At Hillard Heintze, our client advisers in our Private Client and Family Office Consulting practice regularly help individuals and their family offices assess the risk to the family’s personal information – or PII (personally identifiable information). A good measure of that is education – and helping each family member maintain a high level of awareness when they surf the web, post on social media accounts, manage passwords, handle mail and even properly dispose of outdated digital devices and equipment.

Two in Five Americans Have Been Touched by Identity Theft

According to a Bankrate survey conducted on 1,000 adults, 41 million Americans have had their identity stolen. According to additional research, another 49 million Americans personally know someone whose identity has been stolen or compromised. That means approximately two in five Americans — an astonishing number – have been a victim of identity theft or personally know someone who has been a victim.

Education and Prevention Reduce the Family’s Risk

The best way to minimize the personal and financial damage in the event a family member’s identity is stolen is to notice the problem the instant it occurs. Too many simply don’t use the online mechanisms and software readily available to alert them to fraudulent activity the instant occurs. This can be remedied by following – or having the family member follow – a few basic yet essential steps outlined below. Many of these recommendations are free or low-cost.

  • Check your credit report religiously. A good strategy is to spread out your request throughout the year. Request a credit report every four months from one of the three top credit reporting agencies, totaling three checks per year.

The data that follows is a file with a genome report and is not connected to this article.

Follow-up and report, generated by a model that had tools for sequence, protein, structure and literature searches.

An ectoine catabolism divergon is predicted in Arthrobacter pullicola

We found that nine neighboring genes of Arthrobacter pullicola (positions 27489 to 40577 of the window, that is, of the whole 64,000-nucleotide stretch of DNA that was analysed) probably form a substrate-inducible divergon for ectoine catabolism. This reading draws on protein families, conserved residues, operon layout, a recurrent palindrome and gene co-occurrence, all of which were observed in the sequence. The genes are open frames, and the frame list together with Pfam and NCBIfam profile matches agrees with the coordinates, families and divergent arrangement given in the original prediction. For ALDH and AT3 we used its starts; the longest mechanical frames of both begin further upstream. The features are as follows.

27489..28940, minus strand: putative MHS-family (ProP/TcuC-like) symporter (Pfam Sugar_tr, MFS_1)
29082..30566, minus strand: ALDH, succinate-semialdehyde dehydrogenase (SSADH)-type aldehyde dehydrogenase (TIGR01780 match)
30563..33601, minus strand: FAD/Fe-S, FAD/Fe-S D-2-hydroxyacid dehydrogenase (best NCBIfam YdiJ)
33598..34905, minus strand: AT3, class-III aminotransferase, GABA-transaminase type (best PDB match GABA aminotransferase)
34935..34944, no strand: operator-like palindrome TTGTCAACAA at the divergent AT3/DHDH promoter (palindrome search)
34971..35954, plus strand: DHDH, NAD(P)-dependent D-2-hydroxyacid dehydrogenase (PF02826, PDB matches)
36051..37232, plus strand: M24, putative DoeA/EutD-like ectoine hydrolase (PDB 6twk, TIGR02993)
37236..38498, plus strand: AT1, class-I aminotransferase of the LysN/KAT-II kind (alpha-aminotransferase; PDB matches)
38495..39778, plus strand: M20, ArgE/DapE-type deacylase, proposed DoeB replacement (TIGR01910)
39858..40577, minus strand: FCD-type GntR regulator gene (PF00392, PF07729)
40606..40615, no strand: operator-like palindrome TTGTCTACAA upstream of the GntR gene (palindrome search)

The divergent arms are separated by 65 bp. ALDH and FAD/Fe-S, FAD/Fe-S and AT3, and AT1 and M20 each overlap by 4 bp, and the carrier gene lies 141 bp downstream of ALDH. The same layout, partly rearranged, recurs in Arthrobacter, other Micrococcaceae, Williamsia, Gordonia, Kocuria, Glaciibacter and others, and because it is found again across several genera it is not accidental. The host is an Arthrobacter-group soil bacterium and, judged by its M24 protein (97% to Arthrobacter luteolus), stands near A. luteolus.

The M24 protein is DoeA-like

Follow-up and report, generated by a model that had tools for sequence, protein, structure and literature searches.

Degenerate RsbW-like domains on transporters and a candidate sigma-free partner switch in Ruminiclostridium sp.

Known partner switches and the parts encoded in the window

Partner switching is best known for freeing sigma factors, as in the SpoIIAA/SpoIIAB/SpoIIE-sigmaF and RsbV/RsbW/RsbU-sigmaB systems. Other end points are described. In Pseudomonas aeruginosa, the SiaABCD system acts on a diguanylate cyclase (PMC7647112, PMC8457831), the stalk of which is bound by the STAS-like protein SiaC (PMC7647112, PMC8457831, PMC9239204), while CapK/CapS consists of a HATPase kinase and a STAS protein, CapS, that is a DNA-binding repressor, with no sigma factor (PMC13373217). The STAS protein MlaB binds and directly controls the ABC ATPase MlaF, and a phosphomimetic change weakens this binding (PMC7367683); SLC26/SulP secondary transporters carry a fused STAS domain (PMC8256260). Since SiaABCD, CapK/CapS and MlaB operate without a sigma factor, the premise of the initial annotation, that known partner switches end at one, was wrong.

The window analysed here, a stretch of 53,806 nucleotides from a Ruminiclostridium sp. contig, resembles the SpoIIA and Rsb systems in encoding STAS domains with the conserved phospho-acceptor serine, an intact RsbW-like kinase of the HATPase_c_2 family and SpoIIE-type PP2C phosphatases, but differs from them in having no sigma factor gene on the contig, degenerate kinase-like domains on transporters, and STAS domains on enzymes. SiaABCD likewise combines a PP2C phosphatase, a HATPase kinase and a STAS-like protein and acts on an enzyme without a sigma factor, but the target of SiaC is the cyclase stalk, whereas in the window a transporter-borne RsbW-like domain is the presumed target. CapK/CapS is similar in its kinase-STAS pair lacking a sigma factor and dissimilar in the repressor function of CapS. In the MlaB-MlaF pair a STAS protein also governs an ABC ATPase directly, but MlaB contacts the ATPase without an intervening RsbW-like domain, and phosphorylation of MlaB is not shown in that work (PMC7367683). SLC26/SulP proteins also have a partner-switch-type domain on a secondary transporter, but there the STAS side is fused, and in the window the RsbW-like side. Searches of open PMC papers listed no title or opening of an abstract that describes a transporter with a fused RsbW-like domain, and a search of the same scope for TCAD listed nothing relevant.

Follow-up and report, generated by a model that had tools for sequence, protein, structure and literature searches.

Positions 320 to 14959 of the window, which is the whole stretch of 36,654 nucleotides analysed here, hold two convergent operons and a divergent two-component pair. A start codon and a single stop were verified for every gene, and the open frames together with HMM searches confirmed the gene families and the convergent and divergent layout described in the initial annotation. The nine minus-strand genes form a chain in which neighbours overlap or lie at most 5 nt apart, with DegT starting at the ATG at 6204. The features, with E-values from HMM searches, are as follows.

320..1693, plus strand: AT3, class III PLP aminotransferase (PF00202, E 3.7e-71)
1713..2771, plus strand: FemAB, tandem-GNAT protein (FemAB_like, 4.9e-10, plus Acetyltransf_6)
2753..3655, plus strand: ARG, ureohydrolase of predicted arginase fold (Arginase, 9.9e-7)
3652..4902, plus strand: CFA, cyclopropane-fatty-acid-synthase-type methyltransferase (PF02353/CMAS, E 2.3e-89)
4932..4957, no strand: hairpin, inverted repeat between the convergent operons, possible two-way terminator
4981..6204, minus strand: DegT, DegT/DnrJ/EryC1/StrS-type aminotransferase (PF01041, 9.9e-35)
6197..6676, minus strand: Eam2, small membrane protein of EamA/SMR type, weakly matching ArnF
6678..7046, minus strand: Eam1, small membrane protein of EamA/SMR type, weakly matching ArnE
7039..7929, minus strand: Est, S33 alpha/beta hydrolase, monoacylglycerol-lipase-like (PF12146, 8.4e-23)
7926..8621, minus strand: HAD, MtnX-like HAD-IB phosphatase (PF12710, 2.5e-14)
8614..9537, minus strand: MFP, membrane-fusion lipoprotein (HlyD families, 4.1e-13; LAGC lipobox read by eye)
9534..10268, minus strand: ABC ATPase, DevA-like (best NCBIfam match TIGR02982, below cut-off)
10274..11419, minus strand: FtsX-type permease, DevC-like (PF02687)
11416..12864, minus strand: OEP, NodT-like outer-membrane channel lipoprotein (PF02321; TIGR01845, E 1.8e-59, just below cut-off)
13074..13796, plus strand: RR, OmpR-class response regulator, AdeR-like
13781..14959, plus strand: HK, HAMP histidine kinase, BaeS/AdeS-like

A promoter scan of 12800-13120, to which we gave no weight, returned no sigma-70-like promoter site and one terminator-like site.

• Don’t conduct sensitive personal business on unsecured Wi-Fi networks. Do not make online credit card purchases or check bank account information using your username and passwords on unsecured public Wi-Fi.
  • Use different passwords for each of credit card accounts – and change them often. Set up different passwords for each credit card and bank account. Security best practices recommend that you change passwords every 30 to 42 days. Password managing software such as Keeper, Dashlane, Sticky Password and Roboform help make this process easier.
  • Review your credit and debit card statements for fraudulent activity. Don’t just arbitrarily pay the credit card invoices without checking for accuracy and possible fraudulent activity. It can be the easiest and most efficient way to identify possible fraud. No one knows more about a family member’s spending habits than themselves.
  • Set alerts on accounts for large purchases over $500 or for foreign transactions. Many major credit and debit card companies have these alert features that can be set up for free.
  • Dispose of old and outdated smartphones, laptops, and PCs and other devices properly. Use National Association of Information Destruction (NAID) AAA-certified data destruction services to keep malicious actors from accessing PII on old devices.
  • Properly destroy and discard old credit and debit cards, as well as card statements. The best way to do this is to use residential or commercial-grade shredders for home use.
  • Set alerts with a credit monitoring service that are triggered when someone looks at your credit or applies for new credit in your name. Experian, Equifax and Transunion provide this service for a fee.

Following these 8 steps will bring peace of mind – to you and to family members at risk. Even if an incident occurs, exposure may be limited because you or someone else took immediate action.

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